Germany and the Muslim World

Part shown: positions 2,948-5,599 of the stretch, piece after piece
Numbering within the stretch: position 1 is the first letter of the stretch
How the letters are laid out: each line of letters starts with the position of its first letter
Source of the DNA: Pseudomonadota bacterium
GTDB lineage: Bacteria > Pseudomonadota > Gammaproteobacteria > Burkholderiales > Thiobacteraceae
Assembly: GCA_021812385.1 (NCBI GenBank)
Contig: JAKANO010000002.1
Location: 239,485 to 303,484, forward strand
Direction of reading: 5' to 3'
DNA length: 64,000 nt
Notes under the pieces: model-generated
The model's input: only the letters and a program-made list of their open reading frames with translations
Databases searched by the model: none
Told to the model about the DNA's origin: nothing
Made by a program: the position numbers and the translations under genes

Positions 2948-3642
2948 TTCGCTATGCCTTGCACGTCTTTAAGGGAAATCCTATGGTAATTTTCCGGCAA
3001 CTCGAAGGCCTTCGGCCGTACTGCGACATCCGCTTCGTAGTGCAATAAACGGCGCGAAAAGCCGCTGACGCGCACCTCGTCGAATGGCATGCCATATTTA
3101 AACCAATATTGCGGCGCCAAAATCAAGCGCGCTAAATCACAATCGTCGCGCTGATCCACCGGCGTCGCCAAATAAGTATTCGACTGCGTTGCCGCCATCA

The relations between the world of Islam and Germany (or what was then the Holy Roman Empire) date back far into the Middle Ages and were particularly intense during the times of the Crusades. However, Muslims came to Germany in larger numbers as part of the diplomatic, military and economic relations between Germany and the Ottoman Empire in the eighteenth century. German diplomats and travellers, in turn, visited the Ottoman lands as well as Safavid Persia from the fifteenth and sixteenth centuries, respectively. In Muslim public opinion, Germany appears to have been always seen as the ‘friend of the Muslims’, a kind of ‘exception’ compared with other Western colonial powers which controlled large chunks of the Muslim homeland. Germany - so it was thought - had no colonial ambitions in the Dar al-Islam. Germany’s last emperor, William II (r. 1888-1918), during his famous 1898 speech in Damascus, declared himself the ‘eternal friend’ of the (then) 300 million Muslims in the world.